When I first heard of Outer Worlds, I was excited to play an RPG set in space by the developers of Fallout: New Vegas. Obsidian Entertainment had proven themselves to weave a great story and I was looking forward to checking out this over the top corporation controlled space adventure game. The branding of the game was spot on with the 60s ad campaigns that served to extend to how the corporations in the Outer Worlds itself marketed their stories.
I give a lot of credit to Microsoft for giving me a chance to try this game on launch with the Xbox Game Pass. Right of the bat, I could see this game was better polished than the Bethesda RPGs. It was a game that looked to be made for this generation. The first planet itself was quite beautiful and had a wide range of surroundings.
Being an Role Playing Game, the character could be upgraded in a wide variety of ways. You could choose to opt in for intelligence and charisma, that gave you better dialog choices or just play the game as a dumb person (yes, you can play the game as a nitwit). Apart from that, you can invest in weapon, melee, defense, stealth, tech and leadership. Adding points to each of the skills affect the character in a number of ways opening up new paths in your journey forward.
Investing more in dialog skills can help resolve physical confrontations with a conversation. In fact, I can go so far as to say that you can entirely avoid the climax battle with your sweet-talking skills.
The game has some of the most versatile weapons starting from simple pistols and assault rifles and going to absurd mind control rays and shrink rays. The science weapons are some of the best in the game featuring a number of effects that make it worth the effort of acquiring them.
Normal weapons can also be modified for some heat, poison or electrical damage. This helps taken on the enemies from aggressive humans and wildlife to antagonistic robots. In true RPG form, we can use any weapon of our choice to handle an encounter. Apart from the ranged weapons, the game also features a number of melee weapons that are useful in close combat.
Just like Mass Effect, Outer Worlds also features a robust companion system complete with unique personalities and perks for each of them. One thing I really love about my companions is the small talk they make while traveling with us. In their banter, we learn of their past and their personalities and motivations. It is always fun to hear some of the debates they have between their clashing ideologies.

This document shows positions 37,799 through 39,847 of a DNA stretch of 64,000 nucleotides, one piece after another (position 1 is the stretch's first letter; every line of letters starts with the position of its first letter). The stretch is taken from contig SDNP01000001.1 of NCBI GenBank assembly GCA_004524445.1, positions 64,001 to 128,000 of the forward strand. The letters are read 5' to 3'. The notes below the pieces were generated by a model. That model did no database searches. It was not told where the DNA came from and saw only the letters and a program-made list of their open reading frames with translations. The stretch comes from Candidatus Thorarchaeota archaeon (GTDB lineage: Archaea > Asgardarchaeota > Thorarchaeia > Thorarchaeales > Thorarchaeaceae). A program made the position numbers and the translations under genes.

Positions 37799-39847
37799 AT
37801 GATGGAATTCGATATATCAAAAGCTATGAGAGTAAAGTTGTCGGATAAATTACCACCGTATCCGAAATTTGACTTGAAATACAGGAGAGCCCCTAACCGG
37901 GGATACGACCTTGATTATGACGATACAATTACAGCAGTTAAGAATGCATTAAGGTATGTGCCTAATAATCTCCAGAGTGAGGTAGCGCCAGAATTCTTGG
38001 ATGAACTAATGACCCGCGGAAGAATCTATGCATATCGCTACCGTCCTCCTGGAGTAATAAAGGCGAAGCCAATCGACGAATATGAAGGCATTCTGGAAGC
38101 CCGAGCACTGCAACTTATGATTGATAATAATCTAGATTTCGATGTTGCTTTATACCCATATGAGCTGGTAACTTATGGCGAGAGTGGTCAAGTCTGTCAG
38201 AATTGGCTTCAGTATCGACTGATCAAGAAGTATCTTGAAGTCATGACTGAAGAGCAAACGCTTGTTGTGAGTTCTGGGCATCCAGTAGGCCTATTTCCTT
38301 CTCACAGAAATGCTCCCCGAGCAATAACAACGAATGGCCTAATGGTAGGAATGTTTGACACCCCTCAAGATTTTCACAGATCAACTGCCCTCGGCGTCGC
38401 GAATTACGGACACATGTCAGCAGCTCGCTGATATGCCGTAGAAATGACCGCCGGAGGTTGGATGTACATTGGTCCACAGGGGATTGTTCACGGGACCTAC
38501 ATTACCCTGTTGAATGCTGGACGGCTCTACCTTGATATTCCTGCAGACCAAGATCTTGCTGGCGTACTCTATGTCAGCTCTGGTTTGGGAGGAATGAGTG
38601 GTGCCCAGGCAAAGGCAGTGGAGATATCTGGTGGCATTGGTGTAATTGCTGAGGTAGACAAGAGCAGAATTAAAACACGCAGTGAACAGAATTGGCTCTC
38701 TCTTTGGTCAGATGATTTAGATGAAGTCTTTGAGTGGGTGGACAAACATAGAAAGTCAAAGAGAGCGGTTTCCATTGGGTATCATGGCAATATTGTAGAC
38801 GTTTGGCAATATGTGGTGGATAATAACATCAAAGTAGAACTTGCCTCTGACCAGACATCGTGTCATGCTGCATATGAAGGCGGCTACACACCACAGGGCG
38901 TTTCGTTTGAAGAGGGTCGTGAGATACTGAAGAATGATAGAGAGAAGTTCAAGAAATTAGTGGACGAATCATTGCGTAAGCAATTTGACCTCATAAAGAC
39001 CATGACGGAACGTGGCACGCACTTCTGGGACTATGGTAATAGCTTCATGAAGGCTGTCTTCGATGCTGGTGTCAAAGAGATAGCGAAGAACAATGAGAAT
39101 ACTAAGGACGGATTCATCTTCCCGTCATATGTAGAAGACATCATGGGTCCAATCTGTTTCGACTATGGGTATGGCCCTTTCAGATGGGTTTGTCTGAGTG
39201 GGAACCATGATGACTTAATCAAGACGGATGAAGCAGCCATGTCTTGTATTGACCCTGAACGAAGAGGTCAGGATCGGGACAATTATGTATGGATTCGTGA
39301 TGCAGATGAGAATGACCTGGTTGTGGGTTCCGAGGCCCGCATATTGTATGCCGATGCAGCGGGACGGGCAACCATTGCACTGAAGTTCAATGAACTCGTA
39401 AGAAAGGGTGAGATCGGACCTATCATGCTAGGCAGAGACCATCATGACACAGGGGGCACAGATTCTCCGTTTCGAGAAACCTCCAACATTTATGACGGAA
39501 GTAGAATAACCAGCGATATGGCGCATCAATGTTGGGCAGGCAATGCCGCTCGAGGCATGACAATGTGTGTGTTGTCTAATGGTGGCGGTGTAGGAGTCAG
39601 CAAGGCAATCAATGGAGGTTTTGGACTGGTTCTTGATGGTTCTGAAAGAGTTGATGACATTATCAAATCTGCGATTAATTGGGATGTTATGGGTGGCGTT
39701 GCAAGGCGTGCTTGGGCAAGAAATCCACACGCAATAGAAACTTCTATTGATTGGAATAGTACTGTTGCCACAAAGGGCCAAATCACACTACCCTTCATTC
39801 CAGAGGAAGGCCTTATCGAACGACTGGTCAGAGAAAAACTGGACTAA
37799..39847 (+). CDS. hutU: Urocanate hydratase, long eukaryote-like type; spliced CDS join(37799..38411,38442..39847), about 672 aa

Whether it be Parvati's engineering prowess, Vicar Max's belief in the working of the Plan, Felix's love for space soap operas, and SAM's general robotness, they serve as great companions in our journey across Halycon.
Apart from the banter, the game also features a number of companion quests, each tying into the past of the companion in some way. Each quest features a unique trip across planets and results in perking up (or bringing down) the focus of your characters based on your choices. Among them, the one that stands out in my mind is that of Vicar Max, especially the ending. It ends on a trippy note with a philosophical debate on motivations and what drives us forward. I believe it is one of the best quests in the game.
The Halycon system features a number of planets filled with life and many stories to tell. From the simple planet of to the corporate homeworld of Byzantium, we get to explore a number of lush environments filled with towns and surrounding wildlife.
Outer Worlds is an amazing RPG. A game that works as advertised allowing you play as you like and provides interesting commentary into the corporate culture. An interesting point I would like to highlight is that unlike other space RPGs, Outer Worlds achieves a thriving dynamic just by making use of humans and their politics in space. It does not require the fallback of aliens to paint unique characters that you come across the different planets.
The game also makes the role playing worth it by making your choices matter and provides a great narrative on the main story and colorful side quest for us to explore. It is a whole lot of fun to gain the trust of factions, making all of them revere you.